W. H. Langwell, The Conservation of Books and Documents, London, Sir Isaac Pitman & Sons, Ltd., 1957
- Early History of Paper-Making 1
- Modern Paper 6
- Causes of Damage to Paper 20
- Prevention of Damage to Paper 34
- Parchment and Vellum 43
- Inks 46
- Sewing Materials 58
- Adhesives 62
- Other Bookbinding Materials 82
- Binding Techniques 91
As a professional chemist and an amateur bookbinder I have had, on many occasions, to discuss bookbinding technique and similar matters with professional archivists, librarians and bookbinders, all of whom have shown unvarying courtesy and willingness to help. As a result of this exchange of information for so it naturally became I realized that, if the chemist was often ignorant of what was common knowledge to the archivist and librarian, the latter were often equally ignorant of current chemical knowledge, especially as regards die natural and unnatural deterioration of the archivist's chief material paper.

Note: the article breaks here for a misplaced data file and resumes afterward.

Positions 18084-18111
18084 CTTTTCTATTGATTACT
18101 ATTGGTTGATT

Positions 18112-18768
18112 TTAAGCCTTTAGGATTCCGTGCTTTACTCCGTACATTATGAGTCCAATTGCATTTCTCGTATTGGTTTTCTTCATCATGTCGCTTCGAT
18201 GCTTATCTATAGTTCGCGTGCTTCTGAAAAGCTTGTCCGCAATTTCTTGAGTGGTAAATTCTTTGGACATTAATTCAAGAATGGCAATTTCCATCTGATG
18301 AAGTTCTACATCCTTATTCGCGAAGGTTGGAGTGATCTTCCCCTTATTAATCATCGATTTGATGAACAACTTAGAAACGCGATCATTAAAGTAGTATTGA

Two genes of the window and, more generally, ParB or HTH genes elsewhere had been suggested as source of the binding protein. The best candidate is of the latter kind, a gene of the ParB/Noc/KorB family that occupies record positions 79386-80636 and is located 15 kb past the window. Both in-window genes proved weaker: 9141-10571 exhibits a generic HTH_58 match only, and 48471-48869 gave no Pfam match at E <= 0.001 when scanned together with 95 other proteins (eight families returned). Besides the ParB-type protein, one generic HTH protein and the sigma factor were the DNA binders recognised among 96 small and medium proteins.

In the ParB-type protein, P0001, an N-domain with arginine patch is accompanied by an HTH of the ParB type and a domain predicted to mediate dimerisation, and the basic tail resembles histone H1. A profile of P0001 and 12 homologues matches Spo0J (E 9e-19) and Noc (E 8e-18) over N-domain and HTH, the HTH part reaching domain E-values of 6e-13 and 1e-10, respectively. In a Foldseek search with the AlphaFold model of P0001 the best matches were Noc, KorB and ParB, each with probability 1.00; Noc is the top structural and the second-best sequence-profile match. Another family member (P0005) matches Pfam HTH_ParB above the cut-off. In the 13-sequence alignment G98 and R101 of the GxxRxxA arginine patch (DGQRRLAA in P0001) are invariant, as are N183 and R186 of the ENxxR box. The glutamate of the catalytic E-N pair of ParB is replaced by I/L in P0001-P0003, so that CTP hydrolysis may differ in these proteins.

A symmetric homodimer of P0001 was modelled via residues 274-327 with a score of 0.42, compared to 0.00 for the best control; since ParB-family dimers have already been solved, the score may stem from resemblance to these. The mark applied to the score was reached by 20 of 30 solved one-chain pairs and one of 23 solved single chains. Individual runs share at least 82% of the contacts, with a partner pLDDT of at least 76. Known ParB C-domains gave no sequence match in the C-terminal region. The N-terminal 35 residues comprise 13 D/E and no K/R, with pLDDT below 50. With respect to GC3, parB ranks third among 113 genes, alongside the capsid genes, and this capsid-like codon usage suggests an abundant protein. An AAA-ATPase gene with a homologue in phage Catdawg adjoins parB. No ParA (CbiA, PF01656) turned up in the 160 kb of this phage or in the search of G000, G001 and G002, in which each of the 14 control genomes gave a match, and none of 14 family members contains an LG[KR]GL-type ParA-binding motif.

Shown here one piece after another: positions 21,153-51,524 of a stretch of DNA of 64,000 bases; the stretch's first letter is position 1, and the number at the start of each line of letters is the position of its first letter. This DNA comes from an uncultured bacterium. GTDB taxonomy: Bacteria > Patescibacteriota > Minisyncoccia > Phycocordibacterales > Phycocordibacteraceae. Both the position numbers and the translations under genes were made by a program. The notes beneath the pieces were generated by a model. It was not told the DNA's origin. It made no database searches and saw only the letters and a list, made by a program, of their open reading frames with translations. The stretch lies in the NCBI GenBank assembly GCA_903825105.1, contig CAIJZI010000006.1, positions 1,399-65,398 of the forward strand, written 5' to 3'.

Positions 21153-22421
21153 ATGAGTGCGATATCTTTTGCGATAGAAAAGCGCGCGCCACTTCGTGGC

This book is an attempt to repay die archivist's help by offering him a contribution “in kind”; by offering him some of the chemist's common knowledge on the properties of paper and other bookbinding materials, more particularly as regards their permanence. I hope in this way to be as much use to them as they have been to me. The materials and methods described are intended not so much for the trade binder, though he may find something of interest, as for the archivist and librarian who deal mainly with documents and need to bind only a few rather special books.
When cost is important die methods of die trade binder will normally be used but when permanence is the chief criterion some modification of the usual technique may be called for. I hope this book will remove most of the prevailing uncertainties in this field and that those who are responsible for records of all kinds will have fewer misgivings regarding the attitude of their successors to their work.
The data in this book has been drawn from many sources and only to a limited extent from my own work. I should like to acknowledge my indebtedness for such assistance where I have not specifically referred to it in die text. In particular I should like to thank Roger Ellis, Dr. C. H. Thompson and John Dent, without whose encouragement and help this book would never have been started, and Doris Chilman, without whose help it would never have been finished.
I hope readers will be good enough to point out inaccuracies and omissions, of which there must be many in a first edition, so that if a second edition is required these can be corrected.
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